Disappointed and disgruntled
Morsi supports have launched a campaign to fight for their leader's fate; the atmosphere among these crowds stands in stark opposition to the one felt in Tahrir: They are aggressive, violent, walking the streets with clubs and attacking anyone whom they assume to be their enemy, first and foremost Egyptian journalists which they see as enemies of Allah.
Morsi supporters in Alexandria (Photo: Reuters)
Only Monday, seven people were killed and dozens wounded in violent clashes between pro and anti Morsi protesters in the Giza province.
Monday at 6 pm saw the clock run out on the ultimatum posed by the civilian uprising – a movement comprised of those disappointed and disgruntled by Morsi's first year in power – calling for his resignation. The president, surprisingly, refused to heed their calls.
In response, hundreds of thousands of Muslim Brotherhood supporters consolidated into a number of demonstrations in key locations in Cairo. The offices of the radical Islamist party packed supporters into mini-buses in a bid to reinforce the strength of pro-regime supporters.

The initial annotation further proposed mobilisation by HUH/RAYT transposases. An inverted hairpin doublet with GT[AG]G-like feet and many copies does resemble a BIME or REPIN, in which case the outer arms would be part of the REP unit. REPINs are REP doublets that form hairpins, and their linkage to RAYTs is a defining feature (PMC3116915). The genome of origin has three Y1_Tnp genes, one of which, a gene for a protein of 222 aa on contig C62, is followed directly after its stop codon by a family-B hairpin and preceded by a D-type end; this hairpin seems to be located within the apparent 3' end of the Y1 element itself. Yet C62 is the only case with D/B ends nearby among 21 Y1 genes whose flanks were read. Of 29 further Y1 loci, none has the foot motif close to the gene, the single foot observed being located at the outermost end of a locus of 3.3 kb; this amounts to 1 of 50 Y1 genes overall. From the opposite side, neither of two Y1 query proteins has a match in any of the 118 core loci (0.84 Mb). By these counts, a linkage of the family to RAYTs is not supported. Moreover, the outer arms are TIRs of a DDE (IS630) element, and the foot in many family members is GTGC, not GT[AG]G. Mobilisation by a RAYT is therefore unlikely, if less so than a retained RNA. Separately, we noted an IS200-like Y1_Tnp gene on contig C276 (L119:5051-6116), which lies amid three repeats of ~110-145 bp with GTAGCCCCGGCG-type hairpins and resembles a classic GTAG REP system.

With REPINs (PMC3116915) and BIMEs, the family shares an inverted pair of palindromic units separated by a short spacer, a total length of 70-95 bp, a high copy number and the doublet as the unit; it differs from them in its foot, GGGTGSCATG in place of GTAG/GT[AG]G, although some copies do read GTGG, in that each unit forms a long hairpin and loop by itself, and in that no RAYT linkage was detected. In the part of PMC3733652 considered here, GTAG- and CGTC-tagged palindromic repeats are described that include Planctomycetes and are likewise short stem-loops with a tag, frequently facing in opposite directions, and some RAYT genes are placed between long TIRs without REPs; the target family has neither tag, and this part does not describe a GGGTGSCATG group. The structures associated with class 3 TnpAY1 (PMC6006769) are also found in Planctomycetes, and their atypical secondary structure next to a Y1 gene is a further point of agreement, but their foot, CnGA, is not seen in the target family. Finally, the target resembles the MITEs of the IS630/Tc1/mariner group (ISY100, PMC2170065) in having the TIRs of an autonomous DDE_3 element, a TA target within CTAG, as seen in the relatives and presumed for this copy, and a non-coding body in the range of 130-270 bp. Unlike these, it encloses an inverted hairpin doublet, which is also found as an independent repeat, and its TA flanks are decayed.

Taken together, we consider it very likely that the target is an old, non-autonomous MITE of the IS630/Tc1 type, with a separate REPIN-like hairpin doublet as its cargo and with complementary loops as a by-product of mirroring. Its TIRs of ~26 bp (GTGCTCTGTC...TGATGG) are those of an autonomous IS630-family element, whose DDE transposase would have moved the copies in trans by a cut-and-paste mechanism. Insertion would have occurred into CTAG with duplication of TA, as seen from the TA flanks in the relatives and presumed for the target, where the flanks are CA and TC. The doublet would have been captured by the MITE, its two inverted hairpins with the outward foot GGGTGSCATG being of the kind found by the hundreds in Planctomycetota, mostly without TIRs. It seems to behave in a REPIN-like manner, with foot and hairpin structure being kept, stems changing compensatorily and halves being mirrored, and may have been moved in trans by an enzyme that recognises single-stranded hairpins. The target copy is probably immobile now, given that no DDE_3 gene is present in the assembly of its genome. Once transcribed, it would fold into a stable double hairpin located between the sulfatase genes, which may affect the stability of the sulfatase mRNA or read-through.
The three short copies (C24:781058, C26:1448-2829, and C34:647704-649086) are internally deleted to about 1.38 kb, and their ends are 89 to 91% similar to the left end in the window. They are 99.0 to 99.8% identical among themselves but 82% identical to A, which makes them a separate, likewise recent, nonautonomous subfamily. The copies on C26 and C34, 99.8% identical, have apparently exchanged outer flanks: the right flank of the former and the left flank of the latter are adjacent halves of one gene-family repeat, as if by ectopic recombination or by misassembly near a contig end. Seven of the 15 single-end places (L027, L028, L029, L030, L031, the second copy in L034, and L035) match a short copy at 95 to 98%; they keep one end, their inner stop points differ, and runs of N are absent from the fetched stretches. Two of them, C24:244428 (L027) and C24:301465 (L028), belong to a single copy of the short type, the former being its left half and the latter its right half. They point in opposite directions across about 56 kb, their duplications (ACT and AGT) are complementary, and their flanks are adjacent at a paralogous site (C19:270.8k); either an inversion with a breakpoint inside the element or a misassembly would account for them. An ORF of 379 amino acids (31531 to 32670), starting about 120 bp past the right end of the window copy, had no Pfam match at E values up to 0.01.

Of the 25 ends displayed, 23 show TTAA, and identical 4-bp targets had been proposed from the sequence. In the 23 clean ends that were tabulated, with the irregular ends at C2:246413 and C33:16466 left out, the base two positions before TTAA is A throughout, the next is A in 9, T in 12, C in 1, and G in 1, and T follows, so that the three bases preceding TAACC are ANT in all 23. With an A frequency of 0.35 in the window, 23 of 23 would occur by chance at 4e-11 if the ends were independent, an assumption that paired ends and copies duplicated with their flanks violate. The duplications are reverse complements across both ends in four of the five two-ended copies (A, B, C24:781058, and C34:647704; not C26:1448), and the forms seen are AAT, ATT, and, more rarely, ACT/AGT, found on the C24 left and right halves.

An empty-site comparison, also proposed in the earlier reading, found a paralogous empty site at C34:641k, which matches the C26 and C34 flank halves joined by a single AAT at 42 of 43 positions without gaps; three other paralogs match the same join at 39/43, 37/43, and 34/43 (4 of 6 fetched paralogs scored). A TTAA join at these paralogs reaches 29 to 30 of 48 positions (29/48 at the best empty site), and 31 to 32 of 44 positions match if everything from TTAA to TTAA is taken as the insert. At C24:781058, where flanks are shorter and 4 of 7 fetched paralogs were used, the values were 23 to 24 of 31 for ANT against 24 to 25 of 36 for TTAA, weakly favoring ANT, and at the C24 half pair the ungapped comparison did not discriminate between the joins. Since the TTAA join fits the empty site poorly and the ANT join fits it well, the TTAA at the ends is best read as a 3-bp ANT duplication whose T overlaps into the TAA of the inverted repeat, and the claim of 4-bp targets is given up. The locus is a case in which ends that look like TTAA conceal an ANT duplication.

Pro-Morsi rally (Photo: EPA)
But to no avail. By evening the number of Morsi government ministers who had quit their posts in solidarity with the civilian uprising had reached a dozen; the highest ranking of the litter was the country's foreign minister and he was even joined by one of the president's spokesmen.
Army to take the reigns
The US administration has made it crystal clear to its current – albeit seemingly temporary – Egyptian counterpart, that the only way to bring about a peaceful resolution to the uprising is by holding early elections.
Despite mounting national and international pressure, sources close to Morsi blatantly rejected the demand as well as any form of US intervention.
And while opposition protesters picketed outside presidential palace, tension was rising as the end of the army's 48-hour ultimatum neared its end. The fear on everyone's mind: That the situation will deteriorate into a bloody civil war.
Civil and secular opposition figures are placing their faith – possible too much of it – in the army's intervention. They hope that if push comes to shove the army will depose the Brotherhood, "this is the last day of the Brotherhood's regime" the headline of one of the country's leading opposition papers boldly predicted.
No to American intervention (Photo: AP)